This article highlights The Huntington Library, Art Museum, and Botanical Gardens, one of the main cultural institutions in Greater Los Angeles.
Today, I want to focus on a place that wears many hats at the same time.
And when I say many, I mean it.
Here is a sample of what this place is:
- Botanical Gardens (with 16 different gardens)
- Tea Room
- Art Collection
- Research Center
Do you know what place I am referring to?
I’ll give you one hint.
It is located in San Marino, California.
Ok, I know what you are thinking.
Where in the world is San Marino located?
San Marino is a small city located about 30 miles east of Los Angeles (closer to Pasadena).
The major landmark of the city is The Huntington Library, Art Museum, and Botanical Gardens. This is an educational and research institution established by Henry Huntington, the nephew of a railroad tycoon, and his wife, Arabella Huntington.
Henry and Arabella had a passion for collecting art and rare books. When they relocated from San Francisco to San Marino, an opulent mansion was built in a plot of land he bought. They filled the house with all sorts of international (mostly European) furnishings.
At the same time, experts helped them acquire valuable pieces of art. One year after Henry’s death, the final collection put together (valued at $50M) was opened to the public (as he ordered in his will).
Nowadays, The Huntington is a fresh respite of air in the middle of one of the world’s largest metropolis. If you enjoy all things beautiful, take a day to discover what Henry and Arabella Huntington left for generations to come.
Let’s take a closer look at what you can explore in this grand place.
The Huntington Art Gallery
The Huntington Art Gallery is housed in the former residence of Henry and Arabella Huntington (or the opulent mansion I mentioned previously). You can observe the former living quarters such as the living and dining rooms. In addition, you will have access to the Grand Staircase.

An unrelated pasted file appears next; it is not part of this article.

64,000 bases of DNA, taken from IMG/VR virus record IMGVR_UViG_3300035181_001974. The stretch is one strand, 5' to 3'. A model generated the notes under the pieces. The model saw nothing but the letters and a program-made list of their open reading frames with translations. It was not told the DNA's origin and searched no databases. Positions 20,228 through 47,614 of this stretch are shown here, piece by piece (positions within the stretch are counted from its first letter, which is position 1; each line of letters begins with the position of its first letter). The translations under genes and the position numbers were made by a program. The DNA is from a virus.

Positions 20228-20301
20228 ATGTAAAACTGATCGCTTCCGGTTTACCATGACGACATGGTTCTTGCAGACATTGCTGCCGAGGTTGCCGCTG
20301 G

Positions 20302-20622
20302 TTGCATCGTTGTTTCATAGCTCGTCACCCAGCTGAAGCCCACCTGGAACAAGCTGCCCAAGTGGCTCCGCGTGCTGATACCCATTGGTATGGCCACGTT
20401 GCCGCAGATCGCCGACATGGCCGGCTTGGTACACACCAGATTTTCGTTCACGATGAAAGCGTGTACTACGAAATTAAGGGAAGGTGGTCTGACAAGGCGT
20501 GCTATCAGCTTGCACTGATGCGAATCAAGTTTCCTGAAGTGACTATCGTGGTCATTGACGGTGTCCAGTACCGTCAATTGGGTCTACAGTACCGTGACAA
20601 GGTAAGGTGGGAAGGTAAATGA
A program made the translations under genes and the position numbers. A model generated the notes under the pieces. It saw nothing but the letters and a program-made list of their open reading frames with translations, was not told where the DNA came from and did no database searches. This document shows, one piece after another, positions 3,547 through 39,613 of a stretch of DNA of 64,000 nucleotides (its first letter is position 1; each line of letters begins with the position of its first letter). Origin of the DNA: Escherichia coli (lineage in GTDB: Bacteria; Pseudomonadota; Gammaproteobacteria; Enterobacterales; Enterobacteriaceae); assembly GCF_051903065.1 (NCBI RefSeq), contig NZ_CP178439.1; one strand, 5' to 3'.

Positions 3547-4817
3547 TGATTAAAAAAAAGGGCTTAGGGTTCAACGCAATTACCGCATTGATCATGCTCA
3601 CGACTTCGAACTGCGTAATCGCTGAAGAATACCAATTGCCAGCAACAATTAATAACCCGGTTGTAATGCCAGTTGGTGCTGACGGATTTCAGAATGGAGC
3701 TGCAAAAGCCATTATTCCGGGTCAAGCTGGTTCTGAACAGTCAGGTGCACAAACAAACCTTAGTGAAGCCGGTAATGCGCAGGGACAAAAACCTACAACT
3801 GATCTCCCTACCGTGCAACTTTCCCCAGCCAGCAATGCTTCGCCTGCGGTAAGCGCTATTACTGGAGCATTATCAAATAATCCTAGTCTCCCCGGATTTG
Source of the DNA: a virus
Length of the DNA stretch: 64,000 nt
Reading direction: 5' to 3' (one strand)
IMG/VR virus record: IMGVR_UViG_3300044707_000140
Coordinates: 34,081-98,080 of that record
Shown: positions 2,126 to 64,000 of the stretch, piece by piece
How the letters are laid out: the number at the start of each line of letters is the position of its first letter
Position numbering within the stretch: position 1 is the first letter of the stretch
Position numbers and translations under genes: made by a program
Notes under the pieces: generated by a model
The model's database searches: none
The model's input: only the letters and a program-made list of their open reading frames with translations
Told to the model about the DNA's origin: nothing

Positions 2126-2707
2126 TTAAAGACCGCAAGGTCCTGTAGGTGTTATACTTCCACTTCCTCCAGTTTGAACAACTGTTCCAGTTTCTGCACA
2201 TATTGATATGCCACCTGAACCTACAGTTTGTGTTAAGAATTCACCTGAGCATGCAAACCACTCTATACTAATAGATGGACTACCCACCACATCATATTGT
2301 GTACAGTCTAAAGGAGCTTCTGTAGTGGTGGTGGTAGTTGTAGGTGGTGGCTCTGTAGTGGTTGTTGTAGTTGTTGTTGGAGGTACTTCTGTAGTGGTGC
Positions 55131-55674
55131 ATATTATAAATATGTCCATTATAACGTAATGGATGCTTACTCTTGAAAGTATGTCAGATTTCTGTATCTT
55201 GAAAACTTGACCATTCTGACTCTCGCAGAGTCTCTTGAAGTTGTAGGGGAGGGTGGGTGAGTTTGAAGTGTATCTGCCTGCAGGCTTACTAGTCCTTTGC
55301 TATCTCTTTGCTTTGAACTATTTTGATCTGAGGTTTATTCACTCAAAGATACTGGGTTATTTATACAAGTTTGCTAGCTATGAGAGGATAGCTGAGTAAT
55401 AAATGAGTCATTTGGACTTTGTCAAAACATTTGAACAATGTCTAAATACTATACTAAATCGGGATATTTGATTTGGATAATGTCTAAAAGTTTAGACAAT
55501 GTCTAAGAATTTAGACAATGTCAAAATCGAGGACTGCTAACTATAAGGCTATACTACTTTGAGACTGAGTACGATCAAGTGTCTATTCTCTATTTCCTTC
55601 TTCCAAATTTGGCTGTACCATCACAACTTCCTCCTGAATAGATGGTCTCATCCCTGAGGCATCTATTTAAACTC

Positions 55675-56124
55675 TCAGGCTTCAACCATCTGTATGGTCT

The institution’s permanent collection of European art is located inside The Huntington Art Gallery. Visitors are able to observe 18th and 19th-century paintings, sculptures, tapestries, porcelain, and furniture.
The permanent American collection (17th to 20th century) is located at The Virginia Steele Scott Gallery of American Art (opened in the 1980s).
With 42,000 pieces of art, there is a lot to see in the collections area.
The Huntington has 11 million library objects including rare books and manuscripts. These are housed in their own building. Even though most of these pieces are used for research purposes, several unique pieces are on display.
For example, you can take a look at a Gutenberg Bible (the first printed book), several copies of the first edition of Newton’s Principia, and a decorated manuscript of Canterbury Tales.
The Huntington has 120 acres of botanical gardens. In comparison, Disneyland covers 85 acres (the park only).
The most notable gardens are the Chinese Garden, Japanese Garden, and Desert Garden. They have been used as symbols of the institution many times. For example, the Desert Garden has been featured in a postal stamp (since it is considered one of the world’s largest collections of cacti and succulents).
Other gardens include the Australian Garden, California Garden, Children’s Garden, Herbs Garden, Jungle Garden, Palm Garden, Ranch Garden, Rose Garden, Shakespeare Garden, and Subtropical Garden. A conservatory, mausoleum, and lily ponds can be enjoyed too.
The Camellia Garden is one of my favorites since it is close to the North Vista, an area with several sculptures and a grand fountain.
In total, the gardens 15,000 plant varieties. Of course, these attract many critters.
The Tea Room, located in the Rose Garden, offers a British tea service. You can choose among the traditional, vegan, gluten-free, and children options. There are plenty of sides and beverages (including alcoholic beverages) that can be added to any order.
Note: You can eat and/or drink at the Tea Room without paying admission to The Huntington. However, you will not be allowed to move to other areas of the institution if you choose this option.
On top of all the attractions we have discussed, The Huntington has ongoing and temporary exhibitions. These are centered on a wide range of topics such as gardening, science, current events, and local endeavors.
The entrance fee oscillates between $13 and $29. Discounts are offered to seniors, members of the military, and students. Children under 4 can enter for free. Notice prices are higher on the weekends.
Parking is included in the entrance fee.
In addition to the Tea Room, you have access to 4 restaurants and cafes.
Free Wi-Fi is offered on-site.
You can download (and follow) the Garden Sculpture Audio Tour and Chinese Garden Audio Tour for free.
Free garden tours are offered Wednesday-Monday, twice per day.
The Eaton Canyon Center and the trailhead to Eaton Canyon Falls are located about 5 miles away.
The Los Angeles County Arboretum is located 5 miles away in the city of Arcadia.
Old Pasadena is located 3 miles away and the Rose Bowl 5 miles away.
More of Los Angeles
One Day in Los Angeles: Itinerary for First-Time Visitors
Two Days in Los Angeles: Downtown-Based Itinerary
Los Angeles Itinerary: 2, 3 or 4 Days in Los Angeles
More of Southern California
Have you visited this area of Los Angeles?
Pin for later!